July 7, 2010 weblog
No Speeding Reading with eBooks?
(PhysOrg.com) -- Many think that ebooks could change the way we interact with the written word. They are convenient, and ereaders provide mobility -- as well as the ability to store thousands of books in a small device. However, we are still attached to our more traditional books. In order to appeal to the book loving audience, ebook publishers have taken pains to do what they can to make the experience close to reading, by working with fonts and word sizes, and even using techniques that allow you to use a motion of "turning" pages.
Even with all of this, though, reading an ebook is slow going when compared with reading more traditional books. And now a study has been completed that show that you can read faster with a traditional book. Betanews reports on the study:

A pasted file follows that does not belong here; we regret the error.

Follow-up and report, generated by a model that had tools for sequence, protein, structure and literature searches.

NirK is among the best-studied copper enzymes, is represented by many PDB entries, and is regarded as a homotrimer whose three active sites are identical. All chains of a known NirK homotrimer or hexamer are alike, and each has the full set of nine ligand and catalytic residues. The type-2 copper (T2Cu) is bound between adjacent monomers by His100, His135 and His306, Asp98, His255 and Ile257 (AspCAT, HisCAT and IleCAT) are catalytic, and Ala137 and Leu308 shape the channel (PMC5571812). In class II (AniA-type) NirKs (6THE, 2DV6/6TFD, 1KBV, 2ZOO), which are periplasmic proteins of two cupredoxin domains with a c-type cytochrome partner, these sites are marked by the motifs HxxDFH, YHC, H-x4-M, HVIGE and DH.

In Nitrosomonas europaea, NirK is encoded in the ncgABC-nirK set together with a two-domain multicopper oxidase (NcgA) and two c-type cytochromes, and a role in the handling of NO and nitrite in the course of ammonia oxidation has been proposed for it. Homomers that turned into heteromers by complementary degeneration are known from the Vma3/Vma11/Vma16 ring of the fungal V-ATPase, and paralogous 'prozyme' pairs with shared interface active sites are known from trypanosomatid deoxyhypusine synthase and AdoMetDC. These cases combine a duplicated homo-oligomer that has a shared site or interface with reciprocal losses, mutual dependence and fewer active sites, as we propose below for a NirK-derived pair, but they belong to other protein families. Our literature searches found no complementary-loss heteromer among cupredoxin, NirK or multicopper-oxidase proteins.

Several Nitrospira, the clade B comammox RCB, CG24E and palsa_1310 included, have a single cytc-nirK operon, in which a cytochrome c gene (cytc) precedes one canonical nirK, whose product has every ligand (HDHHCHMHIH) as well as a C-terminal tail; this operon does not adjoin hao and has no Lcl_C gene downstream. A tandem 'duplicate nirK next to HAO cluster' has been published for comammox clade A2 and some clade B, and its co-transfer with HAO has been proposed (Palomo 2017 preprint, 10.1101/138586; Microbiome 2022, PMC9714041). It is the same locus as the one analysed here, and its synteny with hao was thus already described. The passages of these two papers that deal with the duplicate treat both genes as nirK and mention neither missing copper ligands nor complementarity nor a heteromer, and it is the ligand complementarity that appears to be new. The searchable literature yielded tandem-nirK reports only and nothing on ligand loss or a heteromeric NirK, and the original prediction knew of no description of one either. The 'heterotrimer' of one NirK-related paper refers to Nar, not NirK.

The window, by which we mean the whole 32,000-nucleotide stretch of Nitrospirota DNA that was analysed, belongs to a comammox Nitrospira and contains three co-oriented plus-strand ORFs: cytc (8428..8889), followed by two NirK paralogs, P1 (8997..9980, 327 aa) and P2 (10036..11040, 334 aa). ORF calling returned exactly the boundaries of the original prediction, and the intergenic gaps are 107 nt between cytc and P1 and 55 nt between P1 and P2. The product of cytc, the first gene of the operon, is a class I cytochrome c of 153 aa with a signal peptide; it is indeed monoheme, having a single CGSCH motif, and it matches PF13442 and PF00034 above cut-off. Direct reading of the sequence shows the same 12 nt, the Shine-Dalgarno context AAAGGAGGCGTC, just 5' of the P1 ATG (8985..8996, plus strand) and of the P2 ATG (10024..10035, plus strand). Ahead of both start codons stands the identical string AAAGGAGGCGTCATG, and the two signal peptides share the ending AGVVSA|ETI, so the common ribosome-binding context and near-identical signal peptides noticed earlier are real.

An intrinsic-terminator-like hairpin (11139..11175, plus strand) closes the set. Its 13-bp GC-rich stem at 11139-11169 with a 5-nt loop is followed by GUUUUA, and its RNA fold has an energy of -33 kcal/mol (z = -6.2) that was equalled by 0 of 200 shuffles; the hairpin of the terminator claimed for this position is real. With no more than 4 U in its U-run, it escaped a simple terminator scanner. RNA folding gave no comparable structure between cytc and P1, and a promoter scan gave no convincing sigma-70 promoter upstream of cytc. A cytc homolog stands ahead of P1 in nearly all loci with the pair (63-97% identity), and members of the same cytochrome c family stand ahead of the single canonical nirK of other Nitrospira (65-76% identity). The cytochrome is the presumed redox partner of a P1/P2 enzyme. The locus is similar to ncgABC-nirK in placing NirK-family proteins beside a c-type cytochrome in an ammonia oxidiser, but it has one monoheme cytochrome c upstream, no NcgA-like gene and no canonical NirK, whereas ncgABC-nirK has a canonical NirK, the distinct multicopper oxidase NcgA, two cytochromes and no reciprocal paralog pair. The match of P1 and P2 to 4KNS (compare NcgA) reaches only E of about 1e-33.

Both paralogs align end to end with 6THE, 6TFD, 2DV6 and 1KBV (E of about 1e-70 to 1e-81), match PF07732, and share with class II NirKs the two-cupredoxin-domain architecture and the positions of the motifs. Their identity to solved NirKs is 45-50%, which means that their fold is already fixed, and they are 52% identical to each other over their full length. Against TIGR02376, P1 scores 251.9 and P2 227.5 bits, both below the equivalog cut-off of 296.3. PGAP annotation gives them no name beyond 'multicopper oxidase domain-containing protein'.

Jacob Nielsen of the Nielsen Norman Group tested three different e-book methods -- the PC, the Kindle 2, and the iPad -- and then compared them to reading a regular book. A short story by Ernest Hemigway was read by 24 different test subjects.
Nielsen found that those reading the e-book version were as much as ten percent slower than those who read the printed version. Those who read the story on the PC took even more time, and universally rated by participants as the worst way to read.
It does appear that the most readers have the hardest time reading books on a PC. It seems likely that we still like the idea of holding something in our hands when we are reading what we consider books. However, even holding an iPad or a Kindle can't compare to the experience of holding a book. And, apparently, our speed decreases when we are using an electronic screen, rather than reading "the real thing."
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